It will not be easy. That’s why hardly anybody does this. But it’s something everyone should do. Jesus and His kingdom and the good of our fellow human beings are worth it.

Let’s pray that this vision comes true: “Our Father, who art in heaven, hallowed by Thy name. Thy kingdom come . . .”

Why General Assembly?

This year, I attended our denomination’s General Assembly. I don’t plan to attend every year, but I really enjoyed it this year, more than I thought I would.

It would be easy for someone not familiar (or even those familiar with) General Assembly to wonder why anyone would want to go to General Assembly. Why go to a big church business meeting? Why spend all that money? Why take off of work or spend time away from your family and local church?

For those who watch or sit in General Assembly, you can get even more frustrated. At times, it seems like a total mess. Motions and counter-motions and points of order. “No thanks,” you might be thinking.

(Note: you can watch some of the mess here.)

So, why should a local church support the broader assemblies of the church?

Here are a few reasons.

First, it reminds us that the Church is bigger than our local church. When representatives from all over the nation and world come together, it is a good and helpful reminder that God is doing much, much more than we are aware of.
Continue reading “Why General Assembly?”

How to Live by Grace

In Philippians 1, the Apostle Paul tells the Philippians that he prays to God that their love would increase (v. 9). This means that love is a gift of God’s grace, and we should ask Him to give us that gift. We can’t just manufacture love on our own.

This is further confirmed by what Paul goes on to say in the same passage. The fruit of righteousness “comes through Jesus Christ—to the praise and glory of God” (1:11).

In addition, the Philippians can be assured of the grace of God because “he who began a good work in you will carry it on to completion until the day of Christ Jesus” (1:6).

Our virtues are gifts of God’s grace.

This is more controversial than it should be among Christians. One reason for this, I believe, is that people take these truths out of the broader context of Scripture.

So, Christian A will say, “Did you work out your own salvation with fear in trembling, or was it God who was working in you?”

Christian B responds, “I worked. Christianity has not been easy.”

Christian A responds, “No, it was God working in you.” And the conversation spirals down from there. Continue reading “How to Live by Grace”

The Best Part About Boonville

By Brian Carpenter

In the summer of 1994 General Mills moved my wife and I to southwest Indiana. She was in sales, and I was trying to go to seminary. As we looked for a place to live, we decided to purchase a small home in a small town outside of Evansville. The town was called Boonville.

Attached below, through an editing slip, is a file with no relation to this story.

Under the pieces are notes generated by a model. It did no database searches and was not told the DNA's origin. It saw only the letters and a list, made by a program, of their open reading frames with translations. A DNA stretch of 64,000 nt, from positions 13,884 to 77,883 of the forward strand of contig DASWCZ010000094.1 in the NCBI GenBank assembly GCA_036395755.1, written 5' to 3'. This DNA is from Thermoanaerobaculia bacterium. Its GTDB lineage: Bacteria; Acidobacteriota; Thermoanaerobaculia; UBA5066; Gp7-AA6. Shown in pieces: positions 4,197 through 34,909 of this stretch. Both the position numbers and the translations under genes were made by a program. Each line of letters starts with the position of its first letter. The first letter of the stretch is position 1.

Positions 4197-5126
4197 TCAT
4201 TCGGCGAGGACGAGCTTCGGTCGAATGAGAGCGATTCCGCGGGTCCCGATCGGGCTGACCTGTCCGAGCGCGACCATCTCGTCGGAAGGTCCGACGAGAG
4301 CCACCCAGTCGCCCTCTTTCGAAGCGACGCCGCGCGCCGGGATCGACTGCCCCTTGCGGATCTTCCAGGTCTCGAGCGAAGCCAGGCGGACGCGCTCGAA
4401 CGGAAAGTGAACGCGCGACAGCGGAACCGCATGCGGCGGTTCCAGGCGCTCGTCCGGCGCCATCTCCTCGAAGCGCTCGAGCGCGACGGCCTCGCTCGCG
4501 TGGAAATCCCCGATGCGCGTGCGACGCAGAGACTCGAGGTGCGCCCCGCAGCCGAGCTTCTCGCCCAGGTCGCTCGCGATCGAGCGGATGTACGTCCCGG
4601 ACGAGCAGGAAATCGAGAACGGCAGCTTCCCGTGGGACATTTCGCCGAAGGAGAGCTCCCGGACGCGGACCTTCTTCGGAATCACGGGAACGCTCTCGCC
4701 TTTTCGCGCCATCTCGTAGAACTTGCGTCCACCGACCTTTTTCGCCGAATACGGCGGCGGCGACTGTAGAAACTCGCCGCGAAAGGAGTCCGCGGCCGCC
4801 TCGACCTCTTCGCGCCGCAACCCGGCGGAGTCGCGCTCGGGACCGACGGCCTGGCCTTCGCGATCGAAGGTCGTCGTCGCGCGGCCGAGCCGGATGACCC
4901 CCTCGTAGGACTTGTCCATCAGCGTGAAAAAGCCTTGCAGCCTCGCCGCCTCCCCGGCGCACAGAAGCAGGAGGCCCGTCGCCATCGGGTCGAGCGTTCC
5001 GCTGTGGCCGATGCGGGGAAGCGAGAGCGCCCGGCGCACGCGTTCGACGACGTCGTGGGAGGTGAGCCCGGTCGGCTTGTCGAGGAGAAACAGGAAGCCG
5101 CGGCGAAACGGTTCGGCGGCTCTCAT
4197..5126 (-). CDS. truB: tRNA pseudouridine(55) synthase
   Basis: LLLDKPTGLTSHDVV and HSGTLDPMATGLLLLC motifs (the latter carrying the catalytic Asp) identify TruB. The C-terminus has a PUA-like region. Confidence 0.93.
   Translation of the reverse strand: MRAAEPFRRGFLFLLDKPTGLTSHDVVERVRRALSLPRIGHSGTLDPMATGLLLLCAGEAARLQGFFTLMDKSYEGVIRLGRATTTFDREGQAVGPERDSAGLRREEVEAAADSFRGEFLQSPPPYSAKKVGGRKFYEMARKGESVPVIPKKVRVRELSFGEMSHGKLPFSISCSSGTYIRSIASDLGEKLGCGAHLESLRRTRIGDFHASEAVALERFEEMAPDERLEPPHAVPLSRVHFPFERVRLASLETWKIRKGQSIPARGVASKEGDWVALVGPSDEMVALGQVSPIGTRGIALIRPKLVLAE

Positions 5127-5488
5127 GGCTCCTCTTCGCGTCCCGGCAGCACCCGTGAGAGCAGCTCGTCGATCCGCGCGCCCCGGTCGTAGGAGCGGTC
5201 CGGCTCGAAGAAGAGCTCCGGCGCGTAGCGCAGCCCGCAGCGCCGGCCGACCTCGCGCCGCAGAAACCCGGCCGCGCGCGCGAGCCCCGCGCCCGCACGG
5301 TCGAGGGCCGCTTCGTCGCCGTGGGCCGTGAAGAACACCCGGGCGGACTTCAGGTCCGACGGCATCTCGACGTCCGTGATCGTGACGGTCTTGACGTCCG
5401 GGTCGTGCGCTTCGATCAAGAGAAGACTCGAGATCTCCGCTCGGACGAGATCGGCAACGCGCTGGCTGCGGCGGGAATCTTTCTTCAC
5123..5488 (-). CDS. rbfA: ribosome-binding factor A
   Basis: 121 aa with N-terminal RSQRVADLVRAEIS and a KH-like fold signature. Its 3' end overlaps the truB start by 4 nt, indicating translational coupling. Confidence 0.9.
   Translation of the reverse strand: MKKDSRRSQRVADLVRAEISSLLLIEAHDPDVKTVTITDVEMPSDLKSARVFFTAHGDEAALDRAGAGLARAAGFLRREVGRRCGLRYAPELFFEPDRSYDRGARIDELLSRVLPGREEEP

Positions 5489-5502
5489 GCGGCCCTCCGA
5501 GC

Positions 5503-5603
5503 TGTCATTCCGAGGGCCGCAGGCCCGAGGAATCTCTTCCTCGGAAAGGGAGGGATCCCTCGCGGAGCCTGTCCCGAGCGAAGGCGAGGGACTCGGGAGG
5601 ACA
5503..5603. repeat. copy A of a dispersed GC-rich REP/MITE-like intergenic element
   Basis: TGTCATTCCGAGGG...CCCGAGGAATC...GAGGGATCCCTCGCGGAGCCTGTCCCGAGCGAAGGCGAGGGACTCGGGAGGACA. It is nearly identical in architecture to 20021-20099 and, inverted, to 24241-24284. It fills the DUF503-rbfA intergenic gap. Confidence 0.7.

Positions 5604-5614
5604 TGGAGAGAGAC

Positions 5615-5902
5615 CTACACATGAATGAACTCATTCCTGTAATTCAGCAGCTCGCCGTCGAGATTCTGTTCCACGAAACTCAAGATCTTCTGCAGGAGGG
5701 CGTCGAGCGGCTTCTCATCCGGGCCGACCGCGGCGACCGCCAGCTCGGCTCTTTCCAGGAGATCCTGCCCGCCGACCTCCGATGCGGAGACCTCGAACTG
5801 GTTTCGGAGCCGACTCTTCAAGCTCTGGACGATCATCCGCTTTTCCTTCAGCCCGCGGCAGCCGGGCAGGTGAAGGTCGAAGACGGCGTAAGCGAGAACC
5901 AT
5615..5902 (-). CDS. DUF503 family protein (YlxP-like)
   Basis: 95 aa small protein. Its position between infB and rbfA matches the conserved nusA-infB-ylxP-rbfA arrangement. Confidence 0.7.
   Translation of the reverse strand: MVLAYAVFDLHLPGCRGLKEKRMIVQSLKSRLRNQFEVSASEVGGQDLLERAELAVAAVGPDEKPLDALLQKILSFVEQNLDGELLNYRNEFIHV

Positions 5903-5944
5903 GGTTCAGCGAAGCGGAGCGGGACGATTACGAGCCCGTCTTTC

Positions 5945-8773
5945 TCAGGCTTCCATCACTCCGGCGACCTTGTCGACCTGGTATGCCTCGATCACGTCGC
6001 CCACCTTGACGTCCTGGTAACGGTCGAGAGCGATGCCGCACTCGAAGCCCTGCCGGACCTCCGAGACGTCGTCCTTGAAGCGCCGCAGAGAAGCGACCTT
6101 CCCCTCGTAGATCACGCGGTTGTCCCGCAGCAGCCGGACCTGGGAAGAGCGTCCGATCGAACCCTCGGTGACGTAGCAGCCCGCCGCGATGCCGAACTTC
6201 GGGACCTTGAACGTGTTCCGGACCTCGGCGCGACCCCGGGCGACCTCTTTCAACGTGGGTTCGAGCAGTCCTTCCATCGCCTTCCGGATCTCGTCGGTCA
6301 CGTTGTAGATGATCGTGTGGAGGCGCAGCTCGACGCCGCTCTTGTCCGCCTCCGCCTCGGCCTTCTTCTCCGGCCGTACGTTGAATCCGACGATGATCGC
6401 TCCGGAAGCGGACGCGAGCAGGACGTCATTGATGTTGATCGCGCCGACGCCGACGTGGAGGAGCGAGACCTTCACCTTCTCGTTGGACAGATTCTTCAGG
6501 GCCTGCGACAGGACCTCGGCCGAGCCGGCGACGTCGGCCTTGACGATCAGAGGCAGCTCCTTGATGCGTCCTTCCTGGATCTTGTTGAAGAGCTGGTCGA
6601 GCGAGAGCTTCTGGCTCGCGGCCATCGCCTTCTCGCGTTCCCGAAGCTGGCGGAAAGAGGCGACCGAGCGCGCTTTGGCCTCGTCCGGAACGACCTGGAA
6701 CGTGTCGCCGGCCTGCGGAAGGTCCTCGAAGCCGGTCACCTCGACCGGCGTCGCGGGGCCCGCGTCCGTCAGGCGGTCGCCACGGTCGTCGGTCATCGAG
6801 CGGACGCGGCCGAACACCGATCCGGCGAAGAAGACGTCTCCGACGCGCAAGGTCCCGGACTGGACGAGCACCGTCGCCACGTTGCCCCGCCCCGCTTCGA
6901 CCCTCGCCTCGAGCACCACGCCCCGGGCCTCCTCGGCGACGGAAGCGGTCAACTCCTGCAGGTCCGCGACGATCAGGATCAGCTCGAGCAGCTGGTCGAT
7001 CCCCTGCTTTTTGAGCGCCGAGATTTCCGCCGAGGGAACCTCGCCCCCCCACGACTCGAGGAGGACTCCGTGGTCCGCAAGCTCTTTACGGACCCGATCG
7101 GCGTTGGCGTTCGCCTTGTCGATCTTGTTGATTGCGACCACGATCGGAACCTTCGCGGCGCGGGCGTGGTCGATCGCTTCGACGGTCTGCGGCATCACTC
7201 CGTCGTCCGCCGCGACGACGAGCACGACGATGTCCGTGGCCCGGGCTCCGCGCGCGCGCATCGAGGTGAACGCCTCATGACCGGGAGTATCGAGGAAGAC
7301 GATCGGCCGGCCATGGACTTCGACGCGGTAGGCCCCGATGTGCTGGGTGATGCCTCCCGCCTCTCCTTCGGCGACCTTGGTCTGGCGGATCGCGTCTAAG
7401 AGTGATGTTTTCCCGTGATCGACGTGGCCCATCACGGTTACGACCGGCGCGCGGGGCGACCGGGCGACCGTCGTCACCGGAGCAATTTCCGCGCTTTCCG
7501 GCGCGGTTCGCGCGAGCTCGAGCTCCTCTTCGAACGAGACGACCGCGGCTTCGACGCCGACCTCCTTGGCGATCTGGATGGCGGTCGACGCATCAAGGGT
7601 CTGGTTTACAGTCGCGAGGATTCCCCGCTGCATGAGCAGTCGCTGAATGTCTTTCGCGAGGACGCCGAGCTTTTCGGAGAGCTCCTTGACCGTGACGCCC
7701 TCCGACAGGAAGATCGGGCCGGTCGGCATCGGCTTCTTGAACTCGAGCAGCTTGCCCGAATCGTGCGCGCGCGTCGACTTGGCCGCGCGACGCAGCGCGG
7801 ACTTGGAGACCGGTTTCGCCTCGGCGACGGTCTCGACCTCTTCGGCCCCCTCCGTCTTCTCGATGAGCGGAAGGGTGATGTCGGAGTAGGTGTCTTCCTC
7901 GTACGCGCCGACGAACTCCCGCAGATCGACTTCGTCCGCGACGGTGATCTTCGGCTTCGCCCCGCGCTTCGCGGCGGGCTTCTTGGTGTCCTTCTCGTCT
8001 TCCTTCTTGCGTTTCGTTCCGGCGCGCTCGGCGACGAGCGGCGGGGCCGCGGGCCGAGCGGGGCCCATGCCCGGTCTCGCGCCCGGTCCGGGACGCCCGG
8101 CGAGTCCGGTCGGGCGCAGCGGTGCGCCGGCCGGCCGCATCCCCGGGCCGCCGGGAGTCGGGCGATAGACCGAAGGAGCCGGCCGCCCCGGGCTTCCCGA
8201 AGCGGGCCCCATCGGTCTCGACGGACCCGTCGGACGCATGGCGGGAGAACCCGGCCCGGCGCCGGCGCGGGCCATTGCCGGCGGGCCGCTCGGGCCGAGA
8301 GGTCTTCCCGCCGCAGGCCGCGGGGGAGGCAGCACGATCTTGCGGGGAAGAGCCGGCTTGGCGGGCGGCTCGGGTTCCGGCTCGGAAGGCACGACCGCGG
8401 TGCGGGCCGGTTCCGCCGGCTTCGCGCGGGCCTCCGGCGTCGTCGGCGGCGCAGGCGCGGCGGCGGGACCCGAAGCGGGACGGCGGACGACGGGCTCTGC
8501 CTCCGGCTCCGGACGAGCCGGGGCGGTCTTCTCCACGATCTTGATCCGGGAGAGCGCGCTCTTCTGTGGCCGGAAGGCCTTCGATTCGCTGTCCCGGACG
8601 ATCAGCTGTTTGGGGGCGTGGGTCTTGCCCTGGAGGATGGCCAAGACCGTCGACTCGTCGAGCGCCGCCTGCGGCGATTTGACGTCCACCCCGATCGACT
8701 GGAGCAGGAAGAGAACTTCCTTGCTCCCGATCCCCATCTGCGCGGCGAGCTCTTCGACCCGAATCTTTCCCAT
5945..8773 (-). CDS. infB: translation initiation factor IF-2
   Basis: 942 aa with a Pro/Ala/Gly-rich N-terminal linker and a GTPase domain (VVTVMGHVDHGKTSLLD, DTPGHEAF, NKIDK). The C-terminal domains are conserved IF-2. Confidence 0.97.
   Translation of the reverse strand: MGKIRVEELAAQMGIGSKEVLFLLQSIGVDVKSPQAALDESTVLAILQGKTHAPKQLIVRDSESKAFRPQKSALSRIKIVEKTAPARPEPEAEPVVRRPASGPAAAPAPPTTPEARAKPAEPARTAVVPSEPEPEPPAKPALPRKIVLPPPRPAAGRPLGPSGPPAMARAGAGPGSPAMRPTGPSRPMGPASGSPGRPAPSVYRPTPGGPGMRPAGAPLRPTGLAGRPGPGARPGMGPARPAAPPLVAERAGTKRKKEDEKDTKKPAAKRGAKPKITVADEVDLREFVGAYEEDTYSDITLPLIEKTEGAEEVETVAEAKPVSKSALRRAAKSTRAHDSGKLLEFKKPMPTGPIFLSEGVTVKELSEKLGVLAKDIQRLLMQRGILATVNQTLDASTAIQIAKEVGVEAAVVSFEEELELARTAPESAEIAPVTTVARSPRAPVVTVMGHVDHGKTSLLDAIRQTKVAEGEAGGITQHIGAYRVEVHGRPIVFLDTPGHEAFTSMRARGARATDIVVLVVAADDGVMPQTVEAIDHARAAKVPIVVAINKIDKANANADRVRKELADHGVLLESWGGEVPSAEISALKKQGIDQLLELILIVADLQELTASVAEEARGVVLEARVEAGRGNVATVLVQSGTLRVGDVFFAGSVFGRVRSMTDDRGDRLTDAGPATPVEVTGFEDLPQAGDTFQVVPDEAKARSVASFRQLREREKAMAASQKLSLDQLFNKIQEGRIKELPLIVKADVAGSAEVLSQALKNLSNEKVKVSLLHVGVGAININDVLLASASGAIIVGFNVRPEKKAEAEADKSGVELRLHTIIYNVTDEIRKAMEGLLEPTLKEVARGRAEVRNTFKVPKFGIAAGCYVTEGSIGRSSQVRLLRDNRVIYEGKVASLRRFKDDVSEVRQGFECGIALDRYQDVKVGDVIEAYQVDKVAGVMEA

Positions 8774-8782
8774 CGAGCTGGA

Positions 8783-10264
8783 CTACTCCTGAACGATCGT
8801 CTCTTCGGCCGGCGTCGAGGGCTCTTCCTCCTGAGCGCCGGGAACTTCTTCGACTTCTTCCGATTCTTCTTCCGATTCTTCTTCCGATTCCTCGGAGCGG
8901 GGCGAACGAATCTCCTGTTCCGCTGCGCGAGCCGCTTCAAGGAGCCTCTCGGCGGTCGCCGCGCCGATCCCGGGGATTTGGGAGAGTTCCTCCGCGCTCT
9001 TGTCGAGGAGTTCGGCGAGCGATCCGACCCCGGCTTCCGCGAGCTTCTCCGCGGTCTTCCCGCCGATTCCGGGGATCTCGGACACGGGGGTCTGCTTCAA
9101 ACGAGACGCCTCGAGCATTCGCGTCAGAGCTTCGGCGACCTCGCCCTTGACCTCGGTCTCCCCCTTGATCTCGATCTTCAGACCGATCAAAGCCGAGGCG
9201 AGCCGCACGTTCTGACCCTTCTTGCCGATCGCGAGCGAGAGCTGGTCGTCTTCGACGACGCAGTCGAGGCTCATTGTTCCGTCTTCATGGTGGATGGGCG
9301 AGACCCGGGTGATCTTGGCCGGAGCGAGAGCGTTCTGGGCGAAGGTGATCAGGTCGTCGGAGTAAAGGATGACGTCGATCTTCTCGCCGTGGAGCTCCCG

Boonville had several advantages. It was 20 miles closer to Louisville than Evansville was, and I was commuting to Louisville four days a week for classes. It turned a two and a half hour drive into a two hour drive. It was also cheaper. We bought a 2 bedroom, one bath house for something less than $40,000 if memory serves. Continue reading “The Best Part About Boonville”

The Difference Between Secular & Christian Humility

One of the most surprising things about books on business strategy and organization is the emphasis on humility. These books have given me a lot to think about as I consider the application of humility to daily life.

For example, in Marshall Goldsmith’s helpful book What Got You Here, Won’t Get You There, he explains his work with successful people who could not move up any further because of some significant character flaw. Most of these flaws were rooted in pride.

Goldsmith provides a list of 21 character flaws that he has seen in working with various executives. They include:

  • passing the buck–refusing to take responsibility for what happens under your watch;
  • the desire to add value to every conversation by throwing in your two cents;
  • continually beginning sentences with the words “no,” “but,” and “however” in a way that makes people think, “I’m right, and you’re wrong”;
  • feeling the need to answer every suggestion rather than just saying “thank you.”

There’s a lot of simple, practical wisdom in Goldsmith’s list (see the whole list here, and I would encourage you to read the whole book which you can find here).

I have learned a lot from these books. They have shown me very practical ways to show humility that I would most likely not have learned in other ways.

In light of that, it’s worth considering: what is the difference between secular humility and Christian humility? In saying this, let me be clear that I’m not describing the difference between particular secular individuals and Christian individuals. Rather, what different perspective does Christianity provide on the subject of humility? Continue reading “The Difference Between Secular & Christian Humility”

Why There Is So Much Conflict in the World and What We Can Do About It

What causes so much conflict in the world?